Depreciation is something that will help your bottom line come tax time.
Just as you can claim wear and tear on a car purchased for income-producing purposes, you can also claim the depreciation of your investment property against your taxable income.
Seasoned property investors know all about this one. In fact, some will take depreciation into account before purchasing their next investment. But it’s not just for the pros. Anyone who purchases a property for income-producing purposes is entitled to depreciate the building and the items within it against their assessable income.
Seasoned property investors will take depreciation into account before purchasing their next investment.
But others are none the wiser, which means that, every year, thousands of dollars go unclaimed.
To make substantial savings, all property investors need to do is arrange a qualified quantity surveyor to inspect their home and prepare a report for their accountant.
Here’s a basic guide to lead the way. Let’s call it Deprecation 101.
1. What is property depreciation?
Property depreciation is a tax break that allows investors to offset their investment property’s decline in value from their taxable income. Australian law allows investors to claim tax deductions on both the decline in value of the building’s structure and items considered permanently fixed to the property and the decline in value of plant and equipment assets found within it (think ovens, dishwashers, carpets and blinds). Not only does it help you pay less tax, it’s a “non-cash deduction”, which means that you don’t have to pay for it on an ongoing basis; the deductions are built into the purchase price of your property. All other deductions, such as interest levies, will hurt your hip pocket on an ongoing basis.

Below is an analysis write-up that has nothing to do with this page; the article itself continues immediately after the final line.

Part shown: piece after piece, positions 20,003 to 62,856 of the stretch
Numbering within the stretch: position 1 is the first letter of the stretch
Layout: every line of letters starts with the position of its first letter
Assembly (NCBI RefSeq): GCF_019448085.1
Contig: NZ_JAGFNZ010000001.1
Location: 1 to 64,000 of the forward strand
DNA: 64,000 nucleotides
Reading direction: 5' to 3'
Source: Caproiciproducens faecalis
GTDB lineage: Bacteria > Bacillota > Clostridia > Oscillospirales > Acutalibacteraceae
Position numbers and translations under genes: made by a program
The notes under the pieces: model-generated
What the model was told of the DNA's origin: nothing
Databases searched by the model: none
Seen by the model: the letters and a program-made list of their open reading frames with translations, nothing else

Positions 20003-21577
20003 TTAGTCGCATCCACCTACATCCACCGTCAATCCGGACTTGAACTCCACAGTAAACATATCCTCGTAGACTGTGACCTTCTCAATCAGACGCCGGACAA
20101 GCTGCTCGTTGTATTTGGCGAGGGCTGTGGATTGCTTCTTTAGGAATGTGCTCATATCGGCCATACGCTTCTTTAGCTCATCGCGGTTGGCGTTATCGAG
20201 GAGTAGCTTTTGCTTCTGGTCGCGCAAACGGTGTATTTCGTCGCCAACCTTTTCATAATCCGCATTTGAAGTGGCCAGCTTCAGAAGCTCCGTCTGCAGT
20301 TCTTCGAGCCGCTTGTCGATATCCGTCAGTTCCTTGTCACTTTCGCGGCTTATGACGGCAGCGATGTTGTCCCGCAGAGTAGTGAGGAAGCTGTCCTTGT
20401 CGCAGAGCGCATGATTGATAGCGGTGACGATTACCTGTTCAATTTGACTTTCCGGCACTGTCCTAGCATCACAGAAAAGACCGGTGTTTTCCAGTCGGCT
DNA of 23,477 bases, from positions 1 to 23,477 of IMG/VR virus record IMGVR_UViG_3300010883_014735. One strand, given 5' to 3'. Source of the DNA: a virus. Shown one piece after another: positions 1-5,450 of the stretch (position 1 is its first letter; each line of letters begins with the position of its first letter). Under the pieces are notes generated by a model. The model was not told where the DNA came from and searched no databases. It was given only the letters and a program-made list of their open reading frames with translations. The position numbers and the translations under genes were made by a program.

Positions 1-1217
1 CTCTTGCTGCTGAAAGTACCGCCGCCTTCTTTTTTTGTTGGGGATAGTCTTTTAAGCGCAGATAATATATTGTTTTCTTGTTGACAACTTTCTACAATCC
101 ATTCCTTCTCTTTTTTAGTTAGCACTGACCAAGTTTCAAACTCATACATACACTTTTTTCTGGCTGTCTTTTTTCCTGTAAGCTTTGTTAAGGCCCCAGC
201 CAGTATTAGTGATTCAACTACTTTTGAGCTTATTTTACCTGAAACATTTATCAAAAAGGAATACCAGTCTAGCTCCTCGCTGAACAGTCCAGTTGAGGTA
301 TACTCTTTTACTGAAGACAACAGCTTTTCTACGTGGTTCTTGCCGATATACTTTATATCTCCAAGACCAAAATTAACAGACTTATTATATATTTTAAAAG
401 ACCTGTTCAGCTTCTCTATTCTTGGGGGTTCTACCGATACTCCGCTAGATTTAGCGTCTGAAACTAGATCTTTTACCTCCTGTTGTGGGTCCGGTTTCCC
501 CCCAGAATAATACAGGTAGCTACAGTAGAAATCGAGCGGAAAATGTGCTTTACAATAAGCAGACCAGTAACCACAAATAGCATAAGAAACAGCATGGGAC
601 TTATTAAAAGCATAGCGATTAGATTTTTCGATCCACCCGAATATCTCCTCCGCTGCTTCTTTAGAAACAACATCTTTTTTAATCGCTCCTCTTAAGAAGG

2. Is my property too old to claim depreciation?
The simple answer is no. If your residential property was built after July 1985, you will be able to claim both Building Allowance and Plant and Equipment. If construction on your property commenced prior to this date, you can only claim depreciation on Plant and Equipment. But it will still be worthwhile.
Commercial and industrial properties are subject to varying cut-off dates.
3. Shouldn’t my accountant prepare this report?
If your residential property was built after 1985, your accountant is not allowed to estimate the construction costs, nor are real estate agents, valuers or solicitors.
According to Tax Ruling 97/25, issued by the Australian Taxation Office (ATO), quantity surveyors are appropriately qualified to estimate the construction costs, when those costs are unknown.
According to Terry Aulich, Chief Executive Officer of the Australian Institute of Quantity Surveyors (AIQS), while accountants can offer general advice on other aspects of tax depreciation, construction costs and property depreciation are domains that require highly technical expertise.
“Quantity surveyors are specialists in the accurate measurement of construction costs with a view to maximising a client’s financial position in relation to their property assets. Only a fully-qualified quantity surveyor brings the appropriate education, experience and training to provide reliable figures upon which to base a property tax depreciation schedule,” says Terry.